- The Washington Times - Wednesday, October 4, 2006

Southwest Airlines is spreading its wings to Northern Virginia.

The budget carrier’s increasingly ubiquitous purple, red and orange jets will begin flying today from Washington Dulles International Airport. The airline now serves 63 airports, including Baltimore-Washington International Thurgood Marshall Airport.

“This is exciting,” said Darryl Jenkins, an aviation analyst. “Any time Southwest comes into your community, it’s a big deal — they have an incredible amount of consumer satisfaction.”

Southwest initially will operate 12 daily nonstop flights from Dulles: seven flights to Chicago Midway International Airport, two each to Tampa and Orlando in Florida, and one to Las Vegas. It also will offer direct or connecting service to 35 other destinations.

The airline will occupy two gates at Dulles and employ about 40 local people, it said.

The addition of Southwest at Dulles will have an immediate and positive effect on the local economy, aviation analysts said.

“I think they’ll do extremely well, and I think they’ll grow here,” said Leo Schefer, president of the Washington Airports Task Force, a nonprofit group that promotes the expansion and enhancement of Dulles and Ronald Reagan Washington National Airport.

Southwest’s low fares will attract large numbers of leisure travelers to the area, in addition to business travelers, he said.

Southwest will fill a void left at Dulles after the demise in January of budget carrier Independence Air, which at its peak operated 600 daily flights from the airport.

“And knowing that there’s a large population in Northern Virginia — one of the fastest-growing areas in the nation — we wanted to capture some of that passenger traffic,” Southwest spokeswoman Whitney Eichinger said.

With the addition of its Dulles service, Southwest now operates more than 3,100 daily flights to airports in 32 states.

Since Independence stopped service, several airlines have expanded service, including Southwest budget-carrier rival JetBlue. Two airlines have started service at Dulles in recent months: Maxjet Airways, a luxury all-business-class airline offering four flights per week to London; and Sun Country Airlines, a low-cost carrier with one daily round-trip, except on Saturdays, to Minneapolis.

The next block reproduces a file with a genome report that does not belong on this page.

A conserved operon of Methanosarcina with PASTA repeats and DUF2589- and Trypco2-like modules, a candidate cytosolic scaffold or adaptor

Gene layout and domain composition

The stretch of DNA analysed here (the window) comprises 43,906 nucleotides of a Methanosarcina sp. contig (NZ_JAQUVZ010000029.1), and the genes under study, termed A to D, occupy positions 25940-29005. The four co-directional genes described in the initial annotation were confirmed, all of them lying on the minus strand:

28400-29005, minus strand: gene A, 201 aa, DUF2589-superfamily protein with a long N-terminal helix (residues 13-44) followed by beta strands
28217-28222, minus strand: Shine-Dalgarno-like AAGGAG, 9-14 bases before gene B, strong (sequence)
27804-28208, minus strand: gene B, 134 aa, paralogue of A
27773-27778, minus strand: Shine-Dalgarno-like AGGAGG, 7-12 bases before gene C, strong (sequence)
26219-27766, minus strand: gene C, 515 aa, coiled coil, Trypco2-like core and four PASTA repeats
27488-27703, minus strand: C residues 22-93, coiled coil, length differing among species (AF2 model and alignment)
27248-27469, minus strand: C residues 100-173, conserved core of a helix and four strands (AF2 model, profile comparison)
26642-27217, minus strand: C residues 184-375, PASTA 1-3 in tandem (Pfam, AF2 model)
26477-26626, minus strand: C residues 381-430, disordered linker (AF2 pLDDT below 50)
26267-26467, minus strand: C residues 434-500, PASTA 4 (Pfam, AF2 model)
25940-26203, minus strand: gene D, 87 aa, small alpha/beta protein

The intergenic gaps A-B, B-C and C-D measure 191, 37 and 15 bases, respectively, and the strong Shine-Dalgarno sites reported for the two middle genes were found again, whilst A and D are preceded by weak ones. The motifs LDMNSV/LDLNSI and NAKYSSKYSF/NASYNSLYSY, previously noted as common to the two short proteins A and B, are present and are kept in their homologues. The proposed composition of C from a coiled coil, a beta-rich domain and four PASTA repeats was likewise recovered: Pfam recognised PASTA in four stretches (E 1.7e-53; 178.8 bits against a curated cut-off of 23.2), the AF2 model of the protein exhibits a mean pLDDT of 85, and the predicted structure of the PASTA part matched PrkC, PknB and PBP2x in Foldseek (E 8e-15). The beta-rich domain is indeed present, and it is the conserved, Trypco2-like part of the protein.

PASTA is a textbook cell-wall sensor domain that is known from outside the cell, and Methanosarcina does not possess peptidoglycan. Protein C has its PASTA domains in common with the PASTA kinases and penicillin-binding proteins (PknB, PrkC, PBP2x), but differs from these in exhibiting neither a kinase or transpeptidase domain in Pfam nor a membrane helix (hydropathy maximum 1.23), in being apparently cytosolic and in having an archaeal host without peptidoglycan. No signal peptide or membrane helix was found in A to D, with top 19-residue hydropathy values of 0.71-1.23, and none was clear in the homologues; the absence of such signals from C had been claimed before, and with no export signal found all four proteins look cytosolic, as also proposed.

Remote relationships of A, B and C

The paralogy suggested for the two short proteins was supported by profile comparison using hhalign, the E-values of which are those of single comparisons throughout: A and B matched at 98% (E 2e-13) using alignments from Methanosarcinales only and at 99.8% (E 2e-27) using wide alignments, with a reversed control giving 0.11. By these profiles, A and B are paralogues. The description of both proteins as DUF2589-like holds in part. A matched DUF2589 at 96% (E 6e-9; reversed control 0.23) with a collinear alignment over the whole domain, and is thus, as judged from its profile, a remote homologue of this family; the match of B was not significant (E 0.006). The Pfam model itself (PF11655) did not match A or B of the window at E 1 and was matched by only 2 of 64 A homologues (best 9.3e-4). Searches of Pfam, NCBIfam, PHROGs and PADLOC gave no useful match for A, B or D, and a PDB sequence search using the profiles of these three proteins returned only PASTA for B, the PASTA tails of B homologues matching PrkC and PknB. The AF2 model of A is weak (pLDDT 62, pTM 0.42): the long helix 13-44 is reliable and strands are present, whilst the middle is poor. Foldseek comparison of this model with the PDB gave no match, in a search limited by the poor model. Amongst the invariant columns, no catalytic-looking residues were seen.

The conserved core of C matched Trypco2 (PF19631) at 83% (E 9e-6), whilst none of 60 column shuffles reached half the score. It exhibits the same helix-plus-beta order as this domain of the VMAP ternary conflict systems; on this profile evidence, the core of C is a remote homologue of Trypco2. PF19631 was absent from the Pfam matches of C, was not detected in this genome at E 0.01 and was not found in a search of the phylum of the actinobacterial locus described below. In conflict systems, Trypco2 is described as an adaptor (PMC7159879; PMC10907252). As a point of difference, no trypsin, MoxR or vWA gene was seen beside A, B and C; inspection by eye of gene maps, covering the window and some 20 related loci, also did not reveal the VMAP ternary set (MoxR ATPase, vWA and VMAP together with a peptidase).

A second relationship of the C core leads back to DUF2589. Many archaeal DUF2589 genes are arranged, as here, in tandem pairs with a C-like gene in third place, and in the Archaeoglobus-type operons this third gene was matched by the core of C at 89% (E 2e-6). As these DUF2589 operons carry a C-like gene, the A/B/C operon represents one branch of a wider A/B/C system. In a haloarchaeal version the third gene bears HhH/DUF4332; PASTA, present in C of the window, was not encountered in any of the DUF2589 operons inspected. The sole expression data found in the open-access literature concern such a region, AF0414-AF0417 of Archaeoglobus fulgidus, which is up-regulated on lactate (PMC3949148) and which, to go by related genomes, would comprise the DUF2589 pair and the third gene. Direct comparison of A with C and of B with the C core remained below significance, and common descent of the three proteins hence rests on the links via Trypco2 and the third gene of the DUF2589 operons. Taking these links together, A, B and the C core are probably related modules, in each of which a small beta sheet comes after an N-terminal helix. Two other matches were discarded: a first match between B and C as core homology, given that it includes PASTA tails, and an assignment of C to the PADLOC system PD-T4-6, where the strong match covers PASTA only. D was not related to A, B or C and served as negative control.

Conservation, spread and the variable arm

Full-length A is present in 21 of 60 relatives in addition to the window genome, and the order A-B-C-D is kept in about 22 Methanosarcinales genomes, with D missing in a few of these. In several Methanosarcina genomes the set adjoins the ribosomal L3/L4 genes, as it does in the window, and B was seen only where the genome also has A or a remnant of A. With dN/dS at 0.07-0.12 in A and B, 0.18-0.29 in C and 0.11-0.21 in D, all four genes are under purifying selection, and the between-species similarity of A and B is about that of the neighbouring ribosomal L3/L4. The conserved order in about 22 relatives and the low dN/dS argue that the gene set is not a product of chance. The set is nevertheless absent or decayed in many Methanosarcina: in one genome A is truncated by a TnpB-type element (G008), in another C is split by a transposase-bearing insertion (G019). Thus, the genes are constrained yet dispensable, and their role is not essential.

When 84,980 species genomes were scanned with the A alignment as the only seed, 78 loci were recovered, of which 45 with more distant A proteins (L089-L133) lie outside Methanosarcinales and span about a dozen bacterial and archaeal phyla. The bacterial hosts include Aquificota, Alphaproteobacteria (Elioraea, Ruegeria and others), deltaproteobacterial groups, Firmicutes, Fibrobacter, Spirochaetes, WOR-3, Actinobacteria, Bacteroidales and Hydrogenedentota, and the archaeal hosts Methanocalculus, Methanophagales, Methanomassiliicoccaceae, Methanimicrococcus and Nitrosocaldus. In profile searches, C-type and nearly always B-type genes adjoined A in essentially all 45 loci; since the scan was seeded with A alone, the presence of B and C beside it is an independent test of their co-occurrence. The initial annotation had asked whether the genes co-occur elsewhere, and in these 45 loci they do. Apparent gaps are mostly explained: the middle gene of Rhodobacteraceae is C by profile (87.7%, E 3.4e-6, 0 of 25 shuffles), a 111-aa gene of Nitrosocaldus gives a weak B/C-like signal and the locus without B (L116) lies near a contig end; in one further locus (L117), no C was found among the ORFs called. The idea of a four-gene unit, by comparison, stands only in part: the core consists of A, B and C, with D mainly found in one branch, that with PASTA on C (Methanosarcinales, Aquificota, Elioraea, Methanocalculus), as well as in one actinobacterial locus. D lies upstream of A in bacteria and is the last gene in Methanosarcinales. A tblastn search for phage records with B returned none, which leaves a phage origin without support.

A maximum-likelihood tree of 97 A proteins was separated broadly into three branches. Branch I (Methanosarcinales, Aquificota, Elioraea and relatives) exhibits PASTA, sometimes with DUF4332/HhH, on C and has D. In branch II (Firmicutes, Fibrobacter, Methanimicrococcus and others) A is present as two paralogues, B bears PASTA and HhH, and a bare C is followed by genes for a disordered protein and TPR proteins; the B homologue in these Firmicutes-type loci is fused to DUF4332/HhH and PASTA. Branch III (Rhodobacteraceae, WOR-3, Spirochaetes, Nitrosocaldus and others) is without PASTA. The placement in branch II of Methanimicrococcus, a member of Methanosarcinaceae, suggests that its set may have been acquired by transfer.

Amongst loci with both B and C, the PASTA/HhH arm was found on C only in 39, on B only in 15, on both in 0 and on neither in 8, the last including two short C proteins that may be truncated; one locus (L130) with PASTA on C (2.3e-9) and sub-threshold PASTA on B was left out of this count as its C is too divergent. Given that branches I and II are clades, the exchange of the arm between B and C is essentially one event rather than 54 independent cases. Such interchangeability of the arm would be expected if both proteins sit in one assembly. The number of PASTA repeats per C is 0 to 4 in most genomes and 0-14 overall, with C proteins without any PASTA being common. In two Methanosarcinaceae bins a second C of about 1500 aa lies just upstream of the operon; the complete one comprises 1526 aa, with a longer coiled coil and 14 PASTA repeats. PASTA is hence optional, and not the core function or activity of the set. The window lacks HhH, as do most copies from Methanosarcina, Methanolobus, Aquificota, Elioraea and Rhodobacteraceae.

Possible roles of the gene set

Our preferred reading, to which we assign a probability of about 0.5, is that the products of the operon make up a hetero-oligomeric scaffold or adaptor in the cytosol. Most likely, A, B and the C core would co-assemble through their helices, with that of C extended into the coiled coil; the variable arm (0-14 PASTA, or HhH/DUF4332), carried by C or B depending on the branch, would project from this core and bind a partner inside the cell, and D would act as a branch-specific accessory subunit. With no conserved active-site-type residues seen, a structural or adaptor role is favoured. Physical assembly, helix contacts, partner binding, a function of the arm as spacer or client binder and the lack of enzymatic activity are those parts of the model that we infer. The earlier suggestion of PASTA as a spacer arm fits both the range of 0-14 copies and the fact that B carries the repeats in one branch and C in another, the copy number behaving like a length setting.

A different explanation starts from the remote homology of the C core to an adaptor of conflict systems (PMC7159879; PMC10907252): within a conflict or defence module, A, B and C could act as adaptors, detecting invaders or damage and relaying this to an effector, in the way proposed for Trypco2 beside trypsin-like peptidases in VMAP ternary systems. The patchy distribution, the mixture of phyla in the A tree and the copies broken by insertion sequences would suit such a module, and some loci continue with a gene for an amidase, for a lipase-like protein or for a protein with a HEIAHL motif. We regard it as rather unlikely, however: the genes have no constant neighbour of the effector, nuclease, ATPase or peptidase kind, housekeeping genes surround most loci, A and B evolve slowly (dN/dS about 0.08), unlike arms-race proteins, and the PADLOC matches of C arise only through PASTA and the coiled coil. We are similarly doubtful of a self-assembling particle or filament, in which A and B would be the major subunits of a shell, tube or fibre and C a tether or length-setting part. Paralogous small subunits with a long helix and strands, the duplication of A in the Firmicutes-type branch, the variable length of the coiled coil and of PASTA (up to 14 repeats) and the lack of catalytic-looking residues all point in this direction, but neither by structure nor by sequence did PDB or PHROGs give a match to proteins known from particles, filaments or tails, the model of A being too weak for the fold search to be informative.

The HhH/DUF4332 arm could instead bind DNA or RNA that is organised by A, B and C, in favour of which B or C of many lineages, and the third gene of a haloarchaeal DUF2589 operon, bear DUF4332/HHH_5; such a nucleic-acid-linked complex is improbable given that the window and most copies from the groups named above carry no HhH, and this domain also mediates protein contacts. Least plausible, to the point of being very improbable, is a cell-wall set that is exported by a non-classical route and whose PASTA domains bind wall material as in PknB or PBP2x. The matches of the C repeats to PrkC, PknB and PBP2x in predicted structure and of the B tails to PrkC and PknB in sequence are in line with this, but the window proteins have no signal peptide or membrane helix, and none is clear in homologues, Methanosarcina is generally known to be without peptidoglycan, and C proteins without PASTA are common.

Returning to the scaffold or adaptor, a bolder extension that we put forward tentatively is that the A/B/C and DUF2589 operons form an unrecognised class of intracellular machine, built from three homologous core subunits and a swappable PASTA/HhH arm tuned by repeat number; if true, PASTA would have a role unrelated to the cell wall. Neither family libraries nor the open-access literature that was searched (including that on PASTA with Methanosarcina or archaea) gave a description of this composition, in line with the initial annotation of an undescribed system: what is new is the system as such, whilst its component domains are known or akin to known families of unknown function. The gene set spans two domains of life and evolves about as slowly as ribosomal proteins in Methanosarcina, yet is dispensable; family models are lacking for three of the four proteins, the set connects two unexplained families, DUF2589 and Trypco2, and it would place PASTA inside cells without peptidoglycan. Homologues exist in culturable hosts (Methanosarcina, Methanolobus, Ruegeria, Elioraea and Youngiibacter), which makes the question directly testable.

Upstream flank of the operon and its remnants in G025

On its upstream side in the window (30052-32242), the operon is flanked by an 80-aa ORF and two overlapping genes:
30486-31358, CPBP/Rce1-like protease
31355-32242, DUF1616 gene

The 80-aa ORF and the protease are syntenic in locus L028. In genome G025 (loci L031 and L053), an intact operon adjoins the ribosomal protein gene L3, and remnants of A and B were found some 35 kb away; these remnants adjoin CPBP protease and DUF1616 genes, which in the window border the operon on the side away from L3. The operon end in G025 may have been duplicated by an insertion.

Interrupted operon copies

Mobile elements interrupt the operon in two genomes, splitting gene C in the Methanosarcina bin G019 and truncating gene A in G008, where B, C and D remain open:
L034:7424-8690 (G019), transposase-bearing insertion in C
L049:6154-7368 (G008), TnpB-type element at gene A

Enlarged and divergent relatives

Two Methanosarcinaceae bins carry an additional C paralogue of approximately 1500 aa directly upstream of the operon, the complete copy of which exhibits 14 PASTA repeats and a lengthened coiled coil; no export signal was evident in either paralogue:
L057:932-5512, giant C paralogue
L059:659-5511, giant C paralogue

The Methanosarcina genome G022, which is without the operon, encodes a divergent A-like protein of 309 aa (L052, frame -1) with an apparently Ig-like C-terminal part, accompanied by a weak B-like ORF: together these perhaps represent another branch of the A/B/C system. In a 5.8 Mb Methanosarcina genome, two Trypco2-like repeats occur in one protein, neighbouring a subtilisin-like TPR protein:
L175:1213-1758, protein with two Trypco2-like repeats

But neither Maxjet nor Sun Country has the potential for growth or name recognition of Southwest.

One of the industry’s most financially successful airlines, it has maintained its success through a consistent management team and controlled growth, Mr. Jenkins said.

“They’re in no hurry — they’ll go into one or two cities a year, and that’s pretty much it, so at that rate you never outgrow your capital base. They’re very, very patient.”

Southwest’s presence at Dulles won’t diminish its role at BWI, the airline’s fourth-busiest airport, airline officials said. The airline, which began service at the Maryland airport in 1993 with eight daily flights, recently added daily flights from BWI for a total of 173. It also opened a new terminal there last year.

“Dulles will complement Baltimore,” Ms. Eichinger said.

Analysts agreed that adding Southwest service to Dulles won’t hurt BWI because the two airports rely on different communities for much of their business.

“Southwest will continue to grow at Dulles, and I don’t think that it will in any way, shape or form take away from BWI,” Mr. Shefer said.

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